“This may sound a bit of an over reaction but the problems for the nail business are real and far bigger than many realise.
“Education in the nail sector has always been poor. It wasn’t until the advent of NVQ’s in the very early 90’s that anything other than basic manicuring was available as a formal qualification. Before that short courses were provided by brands, but mostly from the US where there was a requirement for a general cosmetology qualification. They were, in effect, post grad courses and didn’t translate here as being suitable for beginners but no one knew any different.
“There were a couple of brands who provided excellent and enlightened education but far more that didn’t. They were often just a sales exercise. For a brief time the industry authority (at that point it was HABIA, which had morphed from the BIA, which in turn had morphed from the HBTTB) recognised that nail services needed to be separated from beauty therapy and there seemed to be hope for a robust education system for the sector. Like so many things this has been successful in parts.
Any nail training course is only as good as its teacher and in the beauty sector there were (and still are) far more beauty therapists than nail professionals
“The nail industry hadn’t produced enough well educated, qualified teachers – so many of the courses were taught by inappropriate people. Employers became very unimpressed with the quality of graduates and the system fell into disrepute. This is still the case except for a few exceptions in the FE sector, but it’s difficult for a beginner to identify who and where they are! Right now, we are back into a decline. FE budgets are being severely cut. I recently heard of an FE college who’s teaching staff has been cut from 17 down to four and none of the four are nail professionals. This means that nail courses will be either cancelled or taught by beauty therapists.
“External Verifiers are carrying out their role remotely even for colleges that have been classified as ‘at risk’ by Offqual. An EV friend of mine who has nearly 50 colleges knows that some of them are playing the system but can’t prove it as her awarding body won’t let her visit!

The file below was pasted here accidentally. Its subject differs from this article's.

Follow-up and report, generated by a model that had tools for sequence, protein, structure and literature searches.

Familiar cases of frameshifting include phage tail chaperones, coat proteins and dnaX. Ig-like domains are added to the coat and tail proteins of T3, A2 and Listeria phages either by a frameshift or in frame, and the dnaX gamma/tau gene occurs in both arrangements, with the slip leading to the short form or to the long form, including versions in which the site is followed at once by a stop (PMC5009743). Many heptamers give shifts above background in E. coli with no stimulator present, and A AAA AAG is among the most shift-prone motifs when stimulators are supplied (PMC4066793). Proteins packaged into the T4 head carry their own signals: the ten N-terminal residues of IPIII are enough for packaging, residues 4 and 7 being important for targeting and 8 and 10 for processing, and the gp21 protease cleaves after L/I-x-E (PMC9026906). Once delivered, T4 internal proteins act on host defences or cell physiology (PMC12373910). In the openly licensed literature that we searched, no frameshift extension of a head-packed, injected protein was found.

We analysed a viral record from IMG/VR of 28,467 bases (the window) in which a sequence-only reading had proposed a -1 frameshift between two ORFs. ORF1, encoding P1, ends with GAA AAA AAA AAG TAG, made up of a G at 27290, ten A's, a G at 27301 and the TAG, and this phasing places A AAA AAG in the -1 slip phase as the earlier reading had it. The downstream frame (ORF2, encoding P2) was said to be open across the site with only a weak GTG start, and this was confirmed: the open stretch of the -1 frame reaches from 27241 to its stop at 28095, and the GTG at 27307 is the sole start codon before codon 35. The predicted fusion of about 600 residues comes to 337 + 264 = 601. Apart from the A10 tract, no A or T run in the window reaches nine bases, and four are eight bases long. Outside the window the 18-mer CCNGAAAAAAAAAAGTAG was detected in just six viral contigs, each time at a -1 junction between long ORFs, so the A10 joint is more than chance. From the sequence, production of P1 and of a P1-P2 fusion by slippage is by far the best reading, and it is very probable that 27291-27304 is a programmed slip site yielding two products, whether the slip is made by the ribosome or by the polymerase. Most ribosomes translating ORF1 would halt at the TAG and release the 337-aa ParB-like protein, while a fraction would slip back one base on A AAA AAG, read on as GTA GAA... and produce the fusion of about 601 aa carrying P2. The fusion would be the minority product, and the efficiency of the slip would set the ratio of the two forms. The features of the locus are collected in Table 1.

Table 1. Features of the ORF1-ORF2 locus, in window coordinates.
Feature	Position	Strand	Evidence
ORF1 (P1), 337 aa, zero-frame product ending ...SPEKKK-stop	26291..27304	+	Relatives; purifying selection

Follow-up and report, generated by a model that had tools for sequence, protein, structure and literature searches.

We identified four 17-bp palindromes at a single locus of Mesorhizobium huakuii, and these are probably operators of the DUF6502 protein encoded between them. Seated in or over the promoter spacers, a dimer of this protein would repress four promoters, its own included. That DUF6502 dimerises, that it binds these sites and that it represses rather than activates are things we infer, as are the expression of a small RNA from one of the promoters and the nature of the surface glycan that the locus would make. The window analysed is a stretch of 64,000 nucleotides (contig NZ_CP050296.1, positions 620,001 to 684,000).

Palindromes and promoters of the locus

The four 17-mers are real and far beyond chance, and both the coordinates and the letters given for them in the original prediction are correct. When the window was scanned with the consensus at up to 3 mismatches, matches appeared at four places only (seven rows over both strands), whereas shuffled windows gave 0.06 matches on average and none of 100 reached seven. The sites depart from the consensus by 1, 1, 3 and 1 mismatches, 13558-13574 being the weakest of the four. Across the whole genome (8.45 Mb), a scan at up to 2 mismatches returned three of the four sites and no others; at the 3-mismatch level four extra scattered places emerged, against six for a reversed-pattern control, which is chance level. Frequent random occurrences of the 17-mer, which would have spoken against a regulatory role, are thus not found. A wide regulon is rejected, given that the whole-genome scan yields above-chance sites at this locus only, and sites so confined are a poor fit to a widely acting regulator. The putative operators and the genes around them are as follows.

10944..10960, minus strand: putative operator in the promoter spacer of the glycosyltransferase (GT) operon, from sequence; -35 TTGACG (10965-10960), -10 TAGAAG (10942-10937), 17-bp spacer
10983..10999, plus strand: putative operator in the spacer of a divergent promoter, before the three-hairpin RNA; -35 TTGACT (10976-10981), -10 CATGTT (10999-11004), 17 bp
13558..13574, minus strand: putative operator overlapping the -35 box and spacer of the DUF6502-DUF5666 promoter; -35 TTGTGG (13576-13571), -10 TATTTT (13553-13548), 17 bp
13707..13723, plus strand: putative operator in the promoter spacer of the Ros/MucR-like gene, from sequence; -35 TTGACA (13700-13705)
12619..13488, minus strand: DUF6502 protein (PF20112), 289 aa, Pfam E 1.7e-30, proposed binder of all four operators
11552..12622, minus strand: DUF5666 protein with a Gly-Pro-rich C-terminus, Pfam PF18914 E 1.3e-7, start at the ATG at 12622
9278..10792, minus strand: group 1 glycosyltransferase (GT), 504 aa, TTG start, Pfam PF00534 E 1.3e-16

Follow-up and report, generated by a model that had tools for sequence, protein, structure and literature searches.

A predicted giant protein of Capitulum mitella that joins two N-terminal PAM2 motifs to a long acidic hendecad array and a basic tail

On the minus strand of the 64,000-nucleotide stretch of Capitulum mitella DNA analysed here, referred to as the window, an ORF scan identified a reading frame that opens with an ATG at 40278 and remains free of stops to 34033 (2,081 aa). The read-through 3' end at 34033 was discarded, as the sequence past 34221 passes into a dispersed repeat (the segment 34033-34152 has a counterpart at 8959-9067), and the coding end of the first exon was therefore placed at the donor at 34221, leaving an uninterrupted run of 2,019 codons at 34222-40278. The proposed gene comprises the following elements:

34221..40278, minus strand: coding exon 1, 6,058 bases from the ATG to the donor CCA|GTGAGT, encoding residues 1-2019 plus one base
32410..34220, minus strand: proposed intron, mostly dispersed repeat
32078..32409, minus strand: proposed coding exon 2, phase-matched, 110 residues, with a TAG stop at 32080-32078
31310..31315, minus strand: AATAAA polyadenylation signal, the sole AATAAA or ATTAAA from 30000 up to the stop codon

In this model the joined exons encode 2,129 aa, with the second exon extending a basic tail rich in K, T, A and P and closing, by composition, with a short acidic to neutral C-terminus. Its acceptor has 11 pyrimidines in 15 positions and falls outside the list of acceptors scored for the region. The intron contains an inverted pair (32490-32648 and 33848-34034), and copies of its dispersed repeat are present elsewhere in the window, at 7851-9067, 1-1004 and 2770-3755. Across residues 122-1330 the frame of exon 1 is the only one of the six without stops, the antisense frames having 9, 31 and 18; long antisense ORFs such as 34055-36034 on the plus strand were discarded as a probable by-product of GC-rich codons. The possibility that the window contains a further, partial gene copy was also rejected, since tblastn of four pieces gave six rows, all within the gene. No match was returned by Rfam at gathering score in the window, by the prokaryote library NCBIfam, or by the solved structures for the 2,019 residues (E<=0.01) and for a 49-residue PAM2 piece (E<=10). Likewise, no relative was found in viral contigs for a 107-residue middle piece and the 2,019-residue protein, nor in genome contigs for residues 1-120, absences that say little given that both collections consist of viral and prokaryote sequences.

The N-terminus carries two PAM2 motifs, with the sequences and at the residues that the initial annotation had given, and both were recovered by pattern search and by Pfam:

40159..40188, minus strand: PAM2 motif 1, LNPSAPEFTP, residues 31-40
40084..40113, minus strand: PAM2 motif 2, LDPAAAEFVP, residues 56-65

“Another situation that I believe is causing major problems, is the recent advent of accreditation. Trade bodies, such as The Guild and ABT, started this process a few years ago and, in my opinion, it’s turned into bit of a scam. It is a requirement that professionals have public and product liability insurance. To gain that, a recognised qualification is needed. There are hundreds of individuals and companies now offering courses from online, to one day to several weeks/months. They can pay ABT, for example, to accredit their courses and so give access insurance to all their students. In principal this is great. In practice though it’s a disaster. For example, there is a one day course with no entry requirements to learn L&P (acrylics) and UV gel enhancements, with no case studies nor written exams (Gateway). There are others that advertise the same for £25. And these have exactly the same ‘accreditation’ as a four month course that starts from the basics (manicuring).
“This, together with largely unknown ‘YouTubers’ doing their ‘how to’ videos, doesn’t fill me with a great deal of hope for the business. I worry that there are too many people joining the business now who want to accelerate from basic training to fully fledged technician doing session work on shoots or for film.
“I have a deep passion for nails and want to make sure it evolves a true professional career for all nail pros. But the industry isn’t in a good place right now, so I want to help that change so we can hold our heads up high as professionals”.